• Society and civilizations


  • Description by size, appearance, characteristics of 5 kingdoms of living things: prokaroyote, protoctista, fungi, plant, animal
  • Comparison and differentiation of vertebrates and invertebrates, past/ present
  • Classification, description, and parts of invertebrates, with specimens
  • Protozoa
  • Porifera
  • Coelenterate
  • Platzyheiminthes
  • Annelid
  • Arthropod
  • Mollusk
  • Echinidermata
  • Classification, description, external and internal parts of vertebrates
  • Fish
  • Amphibian
  • Reptile
  • Bird
  • Mammal
  • Timelines, biomes, habitats of vertebrates
  • Fish
  • Amphibian
  • Reptile
  • Bird
  • Mammal


  • Comparison of living and non-living
  • Characteristics of plants and animals
  • Comparison of plants and animals
  • Identification, type, shapes, component parts, location, and preservation
  • Trees
  • Shrubs
  • Flowers
  • Plants
  • Leaves
  • Seeds
  • Identification within plant kingdom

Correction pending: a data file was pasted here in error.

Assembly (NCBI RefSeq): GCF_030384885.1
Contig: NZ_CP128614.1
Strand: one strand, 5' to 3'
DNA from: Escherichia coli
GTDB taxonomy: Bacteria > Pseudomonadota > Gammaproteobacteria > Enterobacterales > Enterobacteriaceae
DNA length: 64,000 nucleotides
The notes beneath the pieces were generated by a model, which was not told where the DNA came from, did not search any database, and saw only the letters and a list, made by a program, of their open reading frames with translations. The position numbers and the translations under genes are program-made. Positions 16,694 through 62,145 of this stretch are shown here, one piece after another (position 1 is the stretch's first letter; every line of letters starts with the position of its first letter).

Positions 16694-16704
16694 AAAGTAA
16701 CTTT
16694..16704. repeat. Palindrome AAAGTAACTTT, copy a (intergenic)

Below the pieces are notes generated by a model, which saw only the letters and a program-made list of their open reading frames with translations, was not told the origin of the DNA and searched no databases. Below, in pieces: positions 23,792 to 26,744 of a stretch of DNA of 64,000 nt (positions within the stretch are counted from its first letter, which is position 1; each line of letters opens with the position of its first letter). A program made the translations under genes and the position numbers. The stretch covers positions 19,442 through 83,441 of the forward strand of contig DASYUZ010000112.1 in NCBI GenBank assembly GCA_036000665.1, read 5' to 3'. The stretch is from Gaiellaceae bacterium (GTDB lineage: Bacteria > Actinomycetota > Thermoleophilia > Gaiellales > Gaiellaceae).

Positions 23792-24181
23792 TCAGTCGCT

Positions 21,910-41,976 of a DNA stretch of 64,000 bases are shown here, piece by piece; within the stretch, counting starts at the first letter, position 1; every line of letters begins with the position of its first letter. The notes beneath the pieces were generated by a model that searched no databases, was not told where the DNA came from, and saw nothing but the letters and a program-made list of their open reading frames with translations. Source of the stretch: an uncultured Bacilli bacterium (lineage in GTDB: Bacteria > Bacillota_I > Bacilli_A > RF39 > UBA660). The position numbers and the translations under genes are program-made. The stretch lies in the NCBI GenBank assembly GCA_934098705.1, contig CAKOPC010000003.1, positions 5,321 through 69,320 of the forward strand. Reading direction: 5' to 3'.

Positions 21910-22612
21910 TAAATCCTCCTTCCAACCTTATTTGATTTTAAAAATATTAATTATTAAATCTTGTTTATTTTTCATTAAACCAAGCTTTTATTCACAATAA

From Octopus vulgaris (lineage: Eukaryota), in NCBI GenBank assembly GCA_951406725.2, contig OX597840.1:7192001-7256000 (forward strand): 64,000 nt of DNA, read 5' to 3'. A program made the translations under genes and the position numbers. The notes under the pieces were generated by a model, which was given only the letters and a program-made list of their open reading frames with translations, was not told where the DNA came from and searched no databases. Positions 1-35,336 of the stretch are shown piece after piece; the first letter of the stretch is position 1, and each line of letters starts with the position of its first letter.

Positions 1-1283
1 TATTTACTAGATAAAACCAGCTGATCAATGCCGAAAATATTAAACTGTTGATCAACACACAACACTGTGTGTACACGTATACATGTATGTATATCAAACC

• First knowledge
  • Plant stories
  • Question and answer game
  • Life cycle of plants with gardening
  • Soil preparation
  • Annuals vs. perennials
  • Planting/care
  • Introduction to concepts and practical experiments for environmental concerns
  • Water conservation
  • Energy conservation
  • Solar energy
  • Waste conservation
  • Recycling
  • Composting

Earth Science

  • Astronomy
  • Review of universe, whole to part
  • Review of solar system: planet order, characteristics
  • Introduction to stars
  • Constellations
  • Big and Little Dipper; North Star
  • Planet Earth
  • Timeline of life
  •  Creation and types of fossils
  • Classification of rocks and minerals: sedimentary, ignateous, metamorphic
  • Origin of earth
  • Existence of theories
  • Plate tectonics
  • Pangea
  • Definition, identification, formation of landforms
  • Stresses to landforms: erosion, water, wind, earthquakes, man
  • Comparison of continents
  • Biomes
  • Other comparisons (see Geography)
  • Definition, identification, formation of water forms
  • Stresses to water forms: erosion, pollution, land development
  • Identification of oceans and major seas
  • Comparisons of salt vs fresh water
  • Ocean life
  • Vocabulary recognition of atmospheric layers
  • Orientation, direction, beginning mapping skills
  • Review compass, N,S,E,W
  • Longitude and latitude
  • Global positioning
  • Seasons
  • Cause of day/night
  • Cause and comparison of spring, summer, autumn, winter
  • Phases of the moon
  • Weather
  • Measurements and instruments